Media Rorschach Test

This will come as no surprise to folks who attempt to follow climate science through the media, but a recent study really sheds some interesting light on how the media report science based on their pre-conceived notions, and not on the science itself.  Alex Tabarrok discusses media reporting on the relative math skills of men and women.  The politically correct view is that there are no differences, so it seems that was going to be the way the new science was reported, whether the data matched or not:

For the past week or so the newspapers have been trumpeting a new study
showing no difference in average math ability between males and
females.  Few people who have looked at the data thought that there
were big differences in average ability but many media reports also
said that the study showed no differences in high ability.

The LA Times, for example, wrote:

The study also undermined the assumption — infamously espoused by
former Harvard University President Lawrence H. Summers in 2005 — that
boys are more likely than girls to be math geniuses.

Scientific American said:

So the team checked out the most gifted children. Again, no difference.
From any angle, girls measured up to boys. Still, there’s a lack of
women in the highest levels of professional math, engineering and
physics. Some have said that’s because of an innate difference in math
ability. But the new research shows that that explanation just doesn’t
add up.

The Chronicle of Higher Education said:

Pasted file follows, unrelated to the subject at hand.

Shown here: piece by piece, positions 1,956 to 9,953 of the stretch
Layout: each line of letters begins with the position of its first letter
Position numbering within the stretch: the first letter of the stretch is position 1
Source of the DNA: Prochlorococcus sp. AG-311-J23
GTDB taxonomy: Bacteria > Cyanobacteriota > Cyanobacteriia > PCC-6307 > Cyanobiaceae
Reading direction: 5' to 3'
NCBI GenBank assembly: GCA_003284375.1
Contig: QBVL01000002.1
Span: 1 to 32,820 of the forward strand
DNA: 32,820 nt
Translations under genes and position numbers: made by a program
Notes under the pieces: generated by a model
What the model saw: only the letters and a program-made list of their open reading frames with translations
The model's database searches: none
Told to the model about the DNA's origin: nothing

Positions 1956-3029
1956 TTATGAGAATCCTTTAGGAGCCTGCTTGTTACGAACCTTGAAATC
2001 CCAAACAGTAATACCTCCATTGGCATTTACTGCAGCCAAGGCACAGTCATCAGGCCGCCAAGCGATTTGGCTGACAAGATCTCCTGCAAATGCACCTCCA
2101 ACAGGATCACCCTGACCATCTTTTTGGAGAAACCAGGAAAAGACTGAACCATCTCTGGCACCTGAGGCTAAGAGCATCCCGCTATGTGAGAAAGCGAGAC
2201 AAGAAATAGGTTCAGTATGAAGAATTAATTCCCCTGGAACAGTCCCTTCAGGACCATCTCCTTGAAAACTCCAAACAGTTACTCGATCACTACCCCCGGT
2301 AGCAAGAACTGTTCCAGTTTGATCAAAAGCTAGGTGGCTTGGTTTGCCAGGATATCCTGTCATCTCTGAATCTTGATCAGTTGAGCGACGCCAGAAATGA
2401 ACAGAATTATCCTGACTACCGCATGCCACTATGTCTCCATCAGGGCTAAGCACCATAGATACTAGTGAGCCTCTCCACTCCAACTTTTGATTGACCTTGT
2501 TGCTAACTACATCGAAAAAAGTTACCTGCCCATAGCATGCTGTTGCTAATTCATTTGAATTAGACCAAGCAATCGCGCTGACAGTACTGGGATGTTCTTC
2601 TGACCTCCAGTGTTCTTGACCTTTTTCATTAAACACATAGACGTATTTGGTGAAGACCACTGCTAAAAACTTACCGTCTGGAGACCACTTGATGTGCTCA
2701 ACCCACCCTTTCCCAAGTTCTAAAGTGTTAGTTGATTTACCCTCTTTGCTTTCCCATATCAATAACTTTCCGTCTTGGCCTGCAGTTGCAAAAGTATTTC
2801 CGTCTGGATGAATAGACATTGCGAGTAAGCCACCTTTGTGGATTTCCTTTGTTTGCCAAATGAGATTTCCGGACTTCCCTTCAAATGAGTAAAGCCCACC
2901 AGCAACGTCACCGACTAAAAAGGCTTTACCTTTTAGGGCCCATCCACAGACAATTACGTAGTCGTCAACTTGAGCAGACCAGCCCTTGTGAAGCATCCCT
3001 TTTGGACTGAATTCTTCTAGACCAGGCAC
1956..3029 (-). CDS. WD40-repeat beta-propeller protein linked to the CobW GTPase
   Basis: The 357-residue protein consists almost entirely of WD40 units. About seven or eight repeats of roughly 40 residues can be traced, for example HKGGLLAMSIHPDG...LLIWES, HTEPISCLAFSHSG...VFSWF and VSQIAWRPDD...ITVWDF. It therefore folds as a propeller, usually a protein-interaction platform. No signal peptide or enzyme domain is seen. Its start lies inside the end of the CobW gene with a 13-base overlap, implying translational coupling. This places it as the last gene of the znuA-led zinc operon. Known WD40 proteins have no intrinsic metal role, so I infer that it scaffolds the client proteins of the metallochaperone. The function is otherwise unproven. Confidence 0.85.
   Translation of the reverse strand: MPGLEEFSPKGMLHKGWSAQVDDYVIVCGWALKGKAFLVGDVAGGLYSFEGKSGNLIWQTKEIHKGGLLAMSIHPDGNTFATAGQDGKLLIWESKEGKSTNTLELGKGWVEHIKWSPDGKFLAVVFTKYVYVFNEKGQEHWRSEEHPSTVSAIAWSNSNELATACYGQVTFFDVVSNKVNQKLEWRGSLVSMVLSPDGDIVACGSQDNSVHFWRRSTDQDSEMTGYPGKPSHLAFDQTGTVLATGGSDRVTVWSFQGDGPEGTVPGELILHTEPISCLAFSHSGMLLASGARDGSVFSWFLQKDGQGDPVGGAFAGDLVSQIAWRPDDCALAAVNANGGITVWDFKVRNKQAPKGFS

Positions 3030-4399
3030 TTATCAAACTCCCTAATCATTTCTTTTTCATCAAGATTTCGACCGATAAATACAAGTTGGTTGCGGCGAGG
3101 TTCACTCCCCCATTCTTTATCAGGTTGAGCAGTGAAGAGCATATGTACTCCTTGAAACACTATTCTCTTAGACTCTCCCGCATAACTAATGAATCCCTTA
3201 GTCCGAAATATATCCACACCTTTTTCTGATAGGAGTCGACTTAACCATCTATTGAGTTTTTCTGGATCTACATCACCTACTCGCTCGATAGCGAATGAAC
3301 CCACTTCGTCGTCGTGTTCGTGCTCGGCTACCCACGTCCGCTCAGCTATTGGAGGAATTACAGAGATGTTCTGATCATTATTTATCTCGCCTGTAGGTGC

The research team also studied if there were gender discrepancies at
the highest levels of mathematical ability and how well boys and girls
resolved complex problems. Again they found no significant differences.

All of these reports and many more like them are false.  In fact, consistent with many earlier studies
(JSTOR), what this study found was that the ratio of male to female
variance in ability was positive and significant, in other words we can
expect that there will be more math geniuses and more dullards, among
males than among females.  I quote from the study (VR is variance

Greater male variance is indicated by VR > 1.0. All VRs, by state and grade, are >1.0 [range 1.11 to 1.21].

that the greater male variance is observable in the earliest data,
grade 2.  (In addition, higher male VRS have been noted for over a
century).  Now the study authors clearly wanted to downplay this
finding so they wrote things like "our analyses show greater male
variability, although the discrepancy in variances is not large."
Which is true in some sense but the point is that small differences in
variance can make for big differences in outcome at the top.  The
authors acknowledge this with the following:

If a
particular specialty required mathematical skills at the 99th
percentile, and the gender ratio is 2.0, we would expect 67% men in the
occupation and 33% women. Yet today, for example, Ph.D. programs in
engineering average only about 15% women.

Both the WSJ and economist Mark Perry get it right.

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